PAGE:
What is it about?
Silicon is not a good thermoelectric material by itself due to its high thermal conductivity. Nanocrystalline silicon shows a much lower thermal conductivity but also a lower electrical conductivity. We show that when depleted by hydrogen, nanocrystalline silicon heavily doped with boron reports a high electrical conductivity along with a good Seebeck coefficient due to energy filtering of carriers. This leads to a remarkably large power factor that, along with the expected low thermal conductivity, makes nanocrystalline silicon a very interesting competitor of Bi2Te3 for room temperature applications.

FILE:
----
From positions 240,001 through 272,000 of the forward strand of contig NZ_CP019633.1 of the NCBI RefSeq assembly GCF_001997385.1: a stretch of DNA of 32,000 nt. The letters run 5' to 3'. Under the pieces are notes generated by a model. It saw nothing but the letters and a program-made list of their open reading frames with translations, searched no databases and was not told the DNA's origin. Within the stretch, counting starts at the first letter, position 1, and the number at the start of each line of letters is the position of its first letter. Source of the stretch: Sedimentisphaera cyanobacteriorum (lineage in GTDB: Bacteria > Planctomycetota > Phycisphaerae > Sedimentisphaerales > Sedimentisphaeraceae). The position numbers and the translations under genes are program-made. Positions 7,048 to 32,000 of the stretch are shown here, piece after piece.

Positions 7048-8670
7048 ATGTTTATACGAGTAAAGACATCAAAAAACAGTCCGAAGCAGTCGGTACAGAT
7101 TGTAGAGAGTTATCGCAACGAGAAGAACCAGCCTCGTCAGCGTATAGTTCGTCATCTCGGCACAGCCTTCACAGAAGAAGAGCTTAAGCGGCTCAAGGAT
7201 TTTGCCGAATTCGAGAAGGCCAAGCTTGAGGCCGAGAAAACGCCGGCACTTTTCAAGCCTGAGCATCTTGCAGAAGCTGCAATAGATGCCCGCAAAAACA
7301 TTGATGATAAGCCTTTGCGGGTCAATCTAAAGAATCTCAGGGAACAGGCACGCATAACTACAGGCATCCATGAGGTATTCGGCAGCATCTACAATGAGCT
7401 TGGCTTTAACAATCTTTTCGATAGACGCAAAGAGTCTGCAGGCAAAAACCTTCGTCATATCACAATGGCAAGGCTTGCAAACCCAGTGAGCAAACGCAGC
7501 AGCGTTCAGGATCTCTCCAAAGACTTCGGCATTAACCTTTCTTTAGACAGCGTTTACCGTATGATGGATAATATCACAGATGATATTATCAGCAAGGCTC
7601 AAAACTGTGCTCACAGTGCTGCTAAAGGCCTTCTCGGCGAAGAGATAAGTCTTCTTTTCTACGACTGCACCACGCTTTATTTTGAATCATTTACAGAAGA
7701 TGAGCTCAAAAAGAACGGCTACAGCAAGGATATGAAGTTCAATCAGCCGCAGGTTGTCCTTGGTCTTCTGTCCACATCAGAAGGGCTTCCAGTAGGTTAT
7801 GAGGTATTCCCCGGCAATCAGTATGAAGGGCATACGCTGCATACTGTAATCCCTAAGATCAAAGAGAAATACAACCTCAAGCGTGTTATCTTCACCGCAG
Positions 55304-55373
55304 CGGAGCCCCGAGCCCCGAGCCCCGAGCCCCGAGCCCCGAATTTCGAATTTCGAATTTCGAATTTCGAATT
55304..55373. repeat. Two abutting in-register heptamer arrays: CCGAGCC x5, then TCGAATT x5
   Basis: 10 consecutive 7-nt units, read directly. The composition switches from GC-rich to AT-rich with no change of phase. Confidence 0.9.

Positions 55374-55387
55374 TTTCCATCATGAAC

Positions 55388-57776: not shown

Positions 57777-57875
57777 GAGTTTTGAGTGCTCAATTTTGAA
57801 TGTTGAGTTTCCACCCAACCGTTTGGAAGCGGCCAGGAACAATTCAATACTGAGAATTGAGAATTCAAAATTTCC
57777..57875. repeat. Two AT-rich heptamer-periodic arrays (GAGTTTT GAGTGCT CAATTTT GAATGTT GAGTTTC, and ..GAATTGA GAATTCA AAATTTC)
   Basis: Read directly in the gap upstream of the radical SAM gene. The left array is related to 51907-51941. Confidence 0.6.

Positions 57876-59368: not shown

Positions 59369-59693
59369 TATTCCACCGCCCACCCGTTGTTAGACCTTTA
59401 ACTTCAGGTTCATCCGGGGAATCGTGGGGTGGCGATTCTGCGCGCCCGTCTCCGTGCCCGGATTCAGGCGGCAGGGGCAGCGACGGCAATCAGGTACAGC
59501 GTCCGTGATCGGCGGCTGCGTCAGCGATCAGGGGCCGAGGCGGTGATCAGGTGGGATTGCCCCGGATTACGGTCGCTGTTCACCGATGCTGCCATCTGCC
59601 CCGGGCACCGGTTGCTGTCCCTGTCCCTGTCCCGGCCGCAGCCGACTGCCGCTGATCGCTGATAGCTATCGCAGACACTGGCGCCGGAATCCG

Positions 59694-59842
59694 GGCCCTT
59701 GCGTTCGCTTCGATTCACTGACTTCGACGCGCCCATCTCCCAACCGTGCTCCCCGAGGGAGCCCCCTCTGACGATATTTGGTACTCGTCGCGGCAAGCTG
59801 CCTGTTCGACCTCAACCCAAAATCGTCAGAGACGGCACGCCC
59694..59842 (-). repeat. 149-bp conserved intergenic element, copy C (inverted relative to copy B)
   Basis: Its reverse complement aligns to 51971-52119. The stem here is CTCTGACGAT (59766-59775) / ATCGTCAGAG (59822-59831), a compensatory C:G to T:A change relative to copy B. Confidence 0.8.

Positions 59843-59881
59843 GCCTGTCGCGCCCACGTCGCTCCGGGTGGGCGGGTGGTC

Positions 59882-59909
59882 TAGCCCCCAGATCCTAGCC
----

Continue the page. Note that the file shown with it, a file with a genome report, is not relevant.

Photo by Laura Ockel on Unsplash
Why is it important?
Use of silicon for thermoelectric heat harvesting/cooling impacts thermoelectric technology as silicon is non-toxic and largely geo-abundant; and it is easiliy integrated in planar microelectronic devices. We foresee important applications for microcooling (heat dissipation from ICs) and microharvesting (supplying power for IoT).
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This page is a summary of: Exceptional thermoelectric power factors in hyperdoped, fully dehydrogenated nanocrystalline silicon thin films, Applied Physics Letters, December 2021, American Institute of Physics, DOI: 10.1063/5.0076547.
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